SEATTLE -- There is something about farming, nursing, and teaching that seems to predispose those who work at these professions to death from systemic autoimmune diseases, reported investigators here.
SEATTLE, Sept. 28 -- There is something about farming, nursing, and teaching that seems to predispose those who work at these professions to death from systemic autoimmune diseases, reported investigators here.
Other occupations consistently associated with death from autoimmune disease included textile machine operation, mining machine operators, painting and decorating, reported Laura S. Gold, M.S.P.H., of the Fred Hutchison Cancer Center, and colleagues, in the October issue of Arthritis & Rheumatism.
These findings emerged from a case-control review of U.S. death certificates from 26 states from 1984 to 1998, with the authors flagging any cases that listed a systemic autoimmune disease such as rheumatoid arthritis, systemic lupus erythematosus, or systemic sclerosis as a cause.
The study suggested that occupations involving exposure to chemicals or animals, or both, might put workers at increased risk for autoimmune conditions, as may some -- but not all -- careers involving public exposure.
For example, nursing and teaching were associated with increased risk, but food preparation and handling was associated with a lower than average risk of mortality from autoimmune conditions.
The investigators also included in their analyses disorders with suspected but not proven autoimmune origin, such as unspecified connective tissue disorders.
For each case five controls matched by age, gender, race, year of death and geographic region were also selected.
The investigators determined the longest-held occupation of each case using the "usual occupation" box from death certificates. They also looked at specific occupational exposures such as pesticides and fertilizers in farming, and the use of benzene and solvents in manufacturing. Jobs involving significant exposure to other people, such as nursing, teaching, and restaurant work, were also examined.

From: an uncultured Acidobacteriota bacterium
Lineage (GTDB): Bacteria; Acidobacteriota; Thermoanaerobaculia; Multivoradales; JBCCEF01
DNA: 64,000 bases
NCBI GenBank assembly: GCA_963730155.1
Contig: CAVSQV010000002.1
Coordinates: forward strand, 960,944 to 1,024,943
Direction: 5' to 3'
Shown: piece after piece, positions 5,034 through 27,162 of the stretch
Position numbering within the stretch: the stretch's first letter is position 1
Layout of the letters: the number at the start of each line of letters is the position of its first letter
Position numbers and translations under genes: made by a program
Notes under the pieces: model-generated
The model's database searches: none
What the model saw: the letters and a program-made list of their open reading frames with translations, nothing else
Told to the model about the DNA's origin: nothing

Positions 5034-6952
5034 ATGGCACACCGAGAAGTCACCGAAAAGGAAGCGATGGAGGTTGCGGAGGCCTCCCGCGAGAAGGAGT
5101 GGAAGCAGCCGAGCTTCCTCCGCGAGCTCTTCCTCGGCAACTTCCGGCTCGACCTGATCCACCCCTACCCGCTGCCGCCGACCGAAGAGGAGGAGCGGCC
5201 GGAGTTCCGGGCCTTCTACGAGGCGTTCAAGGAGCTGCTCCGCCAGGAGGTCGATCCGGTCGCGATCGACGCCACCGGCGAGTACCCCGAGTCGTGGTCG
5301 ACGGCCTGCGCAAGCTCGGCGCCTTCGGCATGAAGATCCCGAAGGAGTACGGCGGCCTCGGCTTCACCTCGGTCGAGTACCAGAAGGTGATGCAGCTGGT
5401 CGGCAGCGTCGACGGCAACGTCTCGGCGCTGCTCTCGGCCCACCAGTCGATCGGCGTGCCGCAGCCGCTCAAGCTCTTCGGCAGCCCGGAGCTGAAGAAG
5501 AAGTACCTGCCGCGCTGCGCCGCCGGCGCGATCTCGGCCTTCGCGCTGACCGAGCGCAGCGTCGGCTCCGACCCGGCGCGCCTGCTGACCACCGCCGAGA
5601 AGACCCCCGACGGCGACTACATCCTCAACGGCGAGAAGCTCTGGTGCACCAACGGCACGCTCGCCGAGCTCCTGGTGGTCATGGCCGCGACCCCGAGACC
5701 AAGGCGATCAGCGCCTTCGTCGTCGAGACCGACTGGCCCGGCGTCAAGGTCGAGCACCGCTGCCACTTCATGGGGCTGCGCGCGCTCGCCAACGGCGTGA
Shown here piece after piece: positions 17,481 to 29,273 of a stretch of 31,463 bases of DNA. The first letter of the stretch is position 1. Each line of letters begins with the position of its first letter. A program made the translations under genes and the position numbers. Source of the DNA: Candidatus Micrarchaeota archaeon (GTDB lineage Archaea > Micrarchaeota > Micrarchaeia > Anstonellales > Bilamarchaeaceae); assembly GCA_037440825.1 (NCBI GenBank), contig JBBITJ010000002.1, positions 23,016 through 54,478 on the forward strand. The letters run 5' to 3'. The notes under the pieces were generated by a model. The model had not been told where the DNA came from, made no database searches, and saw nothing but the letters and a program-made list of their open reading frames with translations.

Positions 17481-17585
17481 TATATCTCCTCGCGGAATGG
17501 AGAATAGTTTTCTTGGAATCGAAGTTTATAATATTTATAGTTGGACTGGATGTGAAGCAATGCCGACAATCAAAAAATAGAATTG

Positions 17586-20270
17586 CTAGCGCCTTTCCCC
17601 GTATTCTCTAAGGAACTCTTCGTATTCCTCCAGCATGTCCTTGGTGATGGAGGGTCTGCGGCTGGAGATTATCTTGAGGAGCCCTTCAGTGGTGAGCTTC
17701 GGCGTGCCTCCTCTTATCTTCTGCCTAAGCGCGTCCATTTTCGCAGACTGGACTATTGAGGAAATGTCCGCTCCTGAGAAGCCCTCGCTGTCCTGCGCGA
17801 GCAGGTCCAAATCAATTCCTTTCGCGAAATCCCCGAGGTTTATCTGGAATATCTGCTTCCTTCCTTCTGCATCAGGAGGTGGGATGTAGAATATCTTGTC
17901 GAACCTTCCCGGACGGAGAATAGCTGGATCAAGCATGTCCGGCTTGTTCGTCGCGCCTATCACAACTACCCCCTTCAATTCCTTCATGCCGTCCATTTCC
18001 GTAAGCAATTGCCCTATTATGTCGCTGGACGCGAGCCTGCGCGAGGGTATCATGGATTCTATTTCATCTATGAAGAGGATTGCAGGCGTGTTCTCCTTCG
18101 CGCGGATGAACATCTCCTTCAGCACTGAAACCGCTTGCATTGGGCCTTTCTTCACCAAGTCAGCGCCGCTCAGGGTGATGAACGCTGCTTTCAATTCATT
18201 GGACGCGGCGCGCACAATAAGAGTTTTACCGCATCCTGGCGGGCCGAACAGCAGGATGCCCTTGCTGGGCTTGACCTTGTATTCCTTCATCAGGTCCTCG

They identified 36,178 deaths attributed to RA, 7,241 to lupus, 5,642 to systemic sclerosis, and 4,270 to other autoimmune disease.
The researchers found that "a broad array of occupations was associated with death from systemic autoimmune diseases, including several of a priori interest," they wrote.
The odds ratio for death from systemic autoimmune disease among farmers was 1.3 (95% confidence interval 1.2 to 1.4). When they looked at specific diseases, only RA was significantly associated with death among farmers, particularly for farmers who worked with crops rather than with livestock.
Industrial occupations significantly associated with autoimmune disease mortality included mining machine operation (odds ratio 1.3, 95% CI 1.1 to 1.5), miscellaneous textile machine operators (odds ratio 1.2, 95% CI 1.0 to 1.4), and hand painting, coating, and decorating (odds ratio 1.8, 95% CI 1.0 to 2.9).
Certain public exposure occupations were also associated with increased risk of death from autoimmune conditions. For example, elementary school teaching was associated with an odds ratio for death from any autoimmune disease of 1.23 (95% CI, 1.16 to 1.30), special education teaching was associated with and odds ratio of 1.92 (95% CI 1.10 to 3.17), and nursing was associated with an odds ratio of 1.09 (1.01 to 1.17).
"These occupations were also significantly associated with death from the specific autoimmune diseases examined," the authors noted. For example, occupational exposure to the public was associated slightly with death from lupus (odds ratio 1.1, 95% CI 1.0-1.2), and exposure to animals was associated with a 28% increase in risk of death from rheumatoid arthritis.
But other public exposure jobs were associated with decreased risk for death from autoimmune diseases, including butchers, waiters/waitresses, and cooks (except short-order cooks), the authors noted.
In an analysis by age, they found that the higher-risk occupations and exposures were also present among those people who were past typical retirement age at the time of death, "implying that the occupational exposures were involved in a chronic pathogenic process leading to either disease incidence or slow progression of existing autoimmunity," they wrote.
They suggested that the association between nursing, teaching, and other jobs with high public exposure may be related to exposure to multiple infectious agents that could trigger autoimmunity. In addition, because teachers and nurses tend to have good health insurance coverage, deaths from autoimmune diseases may be more frequently captured in vital records than deaths among others with public exposure but less reliable health coverage, such as waiters and waitresses, they suggested.
"The size of our study allowed us to estimate associations between specific occupations and death from autoimmune diseases and to generate hypotheses that will be useful as starting points for future studies in this area," the authors concluded.
Their study was limited by a tendency to underreport autoimmune disorders on death certificates, and by potential biases associated with the availability of health insurance.